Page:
In real life, Alan Alda chooses his words quite deliberately. Compared to the rapier wit displayed by Captain Hawkeye Pierce in TV's "M*A*S*H," Alda's style is more like a saber, but no less sharp.

Stage 9 at Twentieth Century-Fox in Los Angeles is deserted for an hour as the crew of "M*A*S*H" takes lunch. Alda, still in his green fatigues, has put down a metal spoon and a white saucepan lid that he was banging in a drunken party scene. In the studio commissary, he is sipping on a glass of white wine and easing into conversation about "The Seduction of Joe Tynan" -- the movie he has written and starred in.

The film, originally entitled "The Senator," is about a fictitious Sen. Tynan of New York who is captivated by power and success as much as he is by the charms of an attractive woman. Though its setting is the Washington political world of a Kennedyesque politician with his sights on the White House, the movie is not, Alda insists, a political one.

"The movie is really about the danger of losing touch with what's personal," he says. "Anybody faced with success has to deal with the problem of ditching his or her family to get to that success.

"Most men feel that family kind of works on its own steam, and you can keep the family on a shelf for a while, while you do this other so-called truly important work of your business, your career. And when you come back to them, they'll still be there. Well the fact is they're either not there, or they're different people when you come back to them."

It is a dilemma that has affected Alda during his rise to film success. But he insists that the movie is not autobiographical.

"The truth is that I'm successful in my field, and you can't be successful without having to face the question of giving to Caesar what's Caesar's, giving to your soul what's your soul's," he says. But that is as revealing about his personal life as Alda will get -- he closely guards what privacy he has.

The strains on his own family have clearly eased over the years. There were the times when, during the filming of "M*A*S*H" (now in its eighth season) he would fly back every week from California to New Jersey where he lives in a small town with his wife Arlene and his three daughters, Eve, Elizabeth and Beatrice. Aged 18 to 20, they are all in college, and Alda now lives with Arlene in Bel Air during the six months of the year when "M*A*S*H" is being shot, and in New Jersey the rest of the time.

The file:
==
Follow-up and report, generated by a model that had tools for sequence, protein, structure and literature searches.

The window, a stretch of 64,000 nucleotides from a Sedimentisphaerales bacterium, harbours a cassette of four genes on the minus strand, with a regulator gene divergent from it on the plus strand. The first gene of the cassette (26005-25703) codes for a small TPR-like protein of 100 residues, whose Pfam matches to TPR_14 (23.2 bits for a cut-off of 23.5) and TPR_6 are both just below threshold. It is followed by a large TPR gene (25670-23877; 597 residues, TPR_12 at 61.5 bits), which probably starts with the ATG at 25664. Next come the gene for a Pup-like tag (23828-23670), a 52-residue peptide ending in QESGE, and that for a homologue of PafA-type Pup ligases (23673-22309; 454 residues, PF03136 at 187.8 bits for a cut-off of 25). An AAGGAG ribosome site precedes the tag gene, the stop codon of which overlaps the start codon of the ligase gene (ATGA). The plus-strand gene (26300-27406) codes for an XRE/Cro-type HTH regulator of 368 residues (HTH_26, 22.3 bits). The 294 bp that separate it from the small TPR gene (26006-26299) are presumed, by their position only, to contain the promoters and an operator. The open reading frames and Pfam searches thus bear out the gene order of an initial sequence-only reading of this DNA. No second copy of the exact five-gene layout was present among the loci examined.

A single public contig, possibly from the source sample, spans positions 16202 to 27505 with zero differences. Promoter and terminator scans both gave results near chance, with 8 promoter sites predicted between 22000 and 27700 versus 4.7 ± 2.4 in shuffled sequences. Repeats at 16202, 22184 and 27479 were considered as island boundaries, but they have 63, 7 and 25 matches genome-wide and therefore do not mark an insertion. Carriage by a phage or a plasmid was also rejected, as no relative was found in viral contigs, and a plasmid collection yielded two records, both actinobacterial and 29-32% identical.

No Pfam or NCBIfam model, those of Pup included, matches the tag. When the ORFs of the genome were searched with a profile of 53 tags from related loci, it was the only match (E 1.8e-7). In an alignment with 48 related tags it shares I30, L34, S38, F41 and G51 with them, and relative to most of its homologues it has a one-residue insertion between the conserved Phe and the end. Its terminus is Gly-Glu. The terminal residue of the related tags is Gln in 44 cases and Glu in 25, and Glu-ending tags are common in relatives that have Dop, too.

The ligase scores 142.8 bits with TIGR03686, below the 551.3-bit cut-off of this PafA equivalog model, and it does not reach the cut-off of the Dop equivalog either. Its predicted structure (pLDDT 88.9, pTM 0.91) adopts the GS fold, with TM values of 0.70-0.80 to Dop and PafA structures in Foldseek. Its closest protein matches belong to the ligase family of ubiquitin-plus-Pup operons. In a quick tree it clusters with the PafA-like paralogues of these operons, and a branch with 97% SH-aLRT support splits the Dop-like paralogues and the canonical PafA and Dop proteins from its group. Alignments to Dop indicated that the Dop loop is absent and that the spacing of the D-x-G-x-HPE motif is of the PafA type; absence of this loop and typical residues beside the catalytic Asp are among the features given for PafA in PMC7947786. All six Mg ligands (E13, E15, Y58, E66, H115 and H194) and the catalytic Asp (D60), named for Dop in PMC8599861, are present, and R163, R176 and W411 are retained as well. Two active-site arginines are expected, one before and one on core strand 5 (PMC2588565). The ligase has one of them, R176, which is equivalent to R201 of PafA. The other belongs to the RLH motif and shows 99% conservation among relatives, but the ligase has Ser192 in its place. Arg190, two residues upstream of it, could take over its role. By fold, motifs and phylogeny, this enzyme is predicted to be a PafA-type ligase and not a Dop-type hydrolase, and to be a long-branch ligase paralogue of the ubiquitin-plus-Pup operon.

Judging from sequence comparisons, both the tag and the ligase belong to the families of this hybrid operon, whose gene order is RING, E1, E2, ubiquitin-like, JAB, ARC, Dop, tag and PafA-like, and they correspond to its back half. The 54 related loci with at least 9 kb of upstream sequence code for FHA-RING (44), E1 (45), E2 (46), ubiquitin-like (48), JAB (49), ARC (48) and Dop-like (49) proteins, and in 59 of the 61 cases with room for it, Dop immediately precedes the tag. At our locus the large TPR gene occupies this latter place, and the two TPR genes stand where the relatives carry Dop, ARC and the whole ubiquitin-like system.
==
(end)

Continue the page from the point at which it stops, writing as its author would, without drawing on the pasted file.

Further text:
If Alda is not the libidinous wise- cracker that viewers of "M*A*S*H" might expect, there is still a humorous twinkle and a hint of latent mischievousness.

He is a dampened version of his screen persona: His hyped-up, energetic metabolism in front of the camera slows down like a 45 rpm record played at 33 1/3, and Alda becomes thoughtful, at times unexpectedly ponderous.

The lanky, 6-foot-2 actor was born in New York City in 1936, the product of a show-biz family. He is the son of Robert Alda, the stage and screen actor known for his role as George Gershwin in "Rhapsody In Blue." In the 1940s, living in Hollywood where his father was under contract to Warner Bros., the younger Alda on occasion teamed up with his dad to entertain soldiers at the Hollywood Canteen, and appeared with him on the stage.

After finishing high school in New York, Alda attended Fordham University. His junior year took him to Europe to study at the Sorbonne, but he spent most of his time traveling, appearing with his father on stage in Rome and in television productions in Amsterdam.

In the early 1960s, he acted on the New York stage and appeared in NBC's short-lived satirical review, "That Was the Week That Was." He played in a number of movies toward the end of the decade, but did not become a national celebrity until "M*A*S*H" premiered in September 1972. He has since starred in several TV movies and two films, "California Suite" and "Same Time Next Year."

While "Joe Tynan" draws on Alda's personal knowledge of the strains between career and a family, it also relies on his experiences politicking for the past six years as an ardent champion of the Equal Rights Amendment. His campaign has left him somewhat embittered and cynical toward politics and politicians. "I think I'm more cynical having done politics a little bit than I was before I got into it," he says. "I used to campaign for (Sen. George) McGovern and (former Sen. Eugene) McCarthy.

"I could campaign for an issue now -- but I don't know if I could campaign for a candidate.